Acknowledging the fact that advance warnings are ineffective without the people's cooperation, the CDMC also suggested an elaborate community preparedness programme. A model cyclone plan was drawn up for Andhra Pradesh, which outlined the steps to be taken by various government agencies before, during and after the cyclone. According to the plan, the Centre was responsible for adequate financial assistance, installation of an early warning system and rapid transmission of information. The state government, on the other hand, was expected to look after the execution of operations on the ground. Each district was to have a high-powered CDMC unit, headed by the district collector.

In 1977, information made available to district officials up to the evening of November 18 from AIR, the meteorological department and the state government did not predict a storm wave. It was only around midnight on November 18 that the following message was received from the Visakhapatnam meteorological department: "Severe cyclonic storm with a core of hurricane wind lies in Bay of Bengal centred at 2030 hrs about 190 km East-North-East. Likely continue to move in NW Direction and CROSS coast between Madras and Masulipatnam tomorrow morning the 19th... Under its influence... Tidal waves height reaching... kindly alert your organisation to take all precautionary measures as per recommendations of CDMC...". There was no time to evacuate people to safer areas, nor any cause to suspect that the Krishna district would be the worst hit.

Fifteen years later, modern science has found many more ways of predicting and tracking down cyclones. But the situation on the ground remains just as bleak. Nearly 30 per cent of coastal Andhra villages do not have cyclone shelters. Those in existence are so poorly maintained, they are on the verge of collapse. About 40 per cent of the coastal villages do not have all weather roads; 20 per cent do not have any roads at all. Efforts to plant casuarina trees along the coast have not taken off and there has been hardly any headway in building dykes, bunds and channels along the coast. On paper, every district has a CDMC unit. But in an emergency, the district collector needs collaborative assistance from various government departments, which is not always forthcoming.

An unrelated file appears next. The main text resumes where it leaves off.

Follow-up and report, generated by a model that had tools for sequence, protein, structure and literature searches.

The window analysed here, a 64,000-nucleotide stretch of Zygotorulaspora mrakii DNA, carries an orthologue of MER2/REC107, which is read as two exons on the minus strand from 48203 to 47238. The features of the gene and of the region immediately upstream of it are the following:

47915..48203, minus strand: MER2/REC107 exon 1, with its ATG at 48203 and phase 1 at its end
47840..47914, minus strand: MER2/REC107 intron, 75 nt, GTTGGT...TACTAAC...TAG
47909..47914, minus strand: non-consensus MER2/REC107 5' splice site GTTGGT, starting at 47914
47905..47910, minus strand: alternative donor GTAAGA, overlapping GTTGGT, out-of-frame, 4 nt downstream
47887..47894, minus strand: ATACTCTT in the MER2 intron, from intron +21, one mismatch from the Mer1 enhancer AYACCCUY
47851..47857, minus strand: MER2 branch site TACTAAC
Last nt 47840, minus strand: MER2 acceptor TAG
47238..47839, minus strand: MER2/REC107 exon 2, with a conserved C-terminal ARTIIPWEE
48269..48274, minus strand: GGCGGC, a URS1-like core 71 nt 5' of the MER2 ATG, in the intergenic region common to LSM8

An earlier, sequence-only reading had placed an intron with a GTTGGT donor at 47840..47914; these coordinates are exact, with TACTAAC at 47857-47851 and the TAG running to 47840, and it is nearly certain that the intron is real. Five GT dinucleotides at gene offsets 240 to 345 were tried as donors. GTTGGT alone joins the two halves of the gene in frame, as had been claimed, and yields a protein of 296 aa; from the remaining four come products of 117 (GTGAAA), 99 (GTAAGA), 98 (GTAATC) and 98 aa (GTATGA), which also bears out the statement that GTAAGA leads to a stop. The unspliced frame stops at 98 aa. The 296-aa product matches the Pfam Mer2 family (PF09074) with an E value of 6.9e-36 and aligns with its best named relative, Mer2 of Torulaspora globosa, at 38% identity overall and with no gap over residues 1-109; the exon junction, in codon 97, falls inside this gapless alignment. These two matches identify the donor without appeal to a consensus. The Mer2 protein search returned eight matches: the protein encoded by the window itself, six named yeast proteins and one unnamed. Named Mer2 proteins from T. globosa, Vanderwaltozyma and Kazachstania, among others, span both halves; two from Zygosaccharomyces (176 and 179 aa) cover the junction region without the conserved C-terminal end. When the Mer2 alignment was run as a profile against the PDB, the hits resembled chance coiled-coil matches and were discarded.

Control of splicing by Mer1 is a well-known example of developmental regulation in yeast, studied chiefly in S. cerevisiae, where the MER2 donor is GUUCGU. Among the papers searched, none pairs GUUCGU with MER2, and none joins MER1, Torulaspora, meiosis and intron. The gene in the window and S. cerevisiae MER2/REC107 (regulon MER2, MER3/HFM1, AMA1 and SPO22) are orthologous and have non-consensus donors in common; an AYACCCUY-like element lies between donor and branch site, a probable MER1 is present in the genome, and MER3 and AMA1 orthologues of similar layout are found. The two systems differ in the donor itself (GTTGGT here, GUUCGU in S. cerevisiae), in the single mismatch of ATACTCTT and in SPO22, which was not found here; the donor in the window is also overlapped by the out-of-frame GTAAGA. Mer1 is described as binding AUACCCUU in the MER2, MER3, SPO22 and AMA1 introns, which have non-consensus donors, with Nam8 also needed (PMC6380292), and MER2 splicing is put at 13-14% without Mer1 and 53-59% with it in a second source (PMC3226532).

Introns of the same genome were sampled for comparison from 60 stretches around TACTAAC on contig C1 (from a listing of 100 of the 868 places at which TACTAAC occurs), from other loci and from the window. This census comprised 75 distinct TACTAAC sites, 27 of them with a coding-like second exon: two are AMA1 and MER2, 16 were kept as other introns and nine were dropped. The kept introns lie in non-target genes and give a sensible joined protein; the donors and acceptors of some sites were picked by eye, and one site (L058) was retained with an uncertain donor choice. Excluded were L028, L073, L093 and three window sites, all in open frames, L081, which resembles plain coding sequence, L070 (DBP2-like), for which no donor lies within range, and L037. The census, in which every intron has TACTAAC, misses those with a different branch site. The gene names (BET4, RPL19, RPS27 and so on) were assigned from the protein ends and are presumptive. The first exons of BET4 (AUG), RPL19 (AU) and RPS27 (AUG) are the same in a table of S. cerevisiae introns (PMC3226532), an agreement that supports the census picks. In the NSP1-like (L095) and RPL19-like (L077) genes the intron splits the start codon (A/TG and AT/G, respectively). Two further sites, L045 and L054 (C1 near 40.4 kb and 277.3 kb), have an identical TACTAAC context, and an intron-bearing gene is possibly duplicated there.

Now, however, with large areas of Kerala and Tamil Nadu once again hit by a cyclone, it's time the Union and state governments reviewed their emergency plans and got their act together to prevent the utter ruin and destruction that has so far accompanied every cyclone on the Andhra coast.

P Jacob Rao is chief marine surveyor and consultant to the Visakhapatnam-based Indian Maritime Survey Consultation and Investigation Company. He is also coordinator of the Coastal Poor Development Action Network India and president of the Voluntary Agency for Social Action.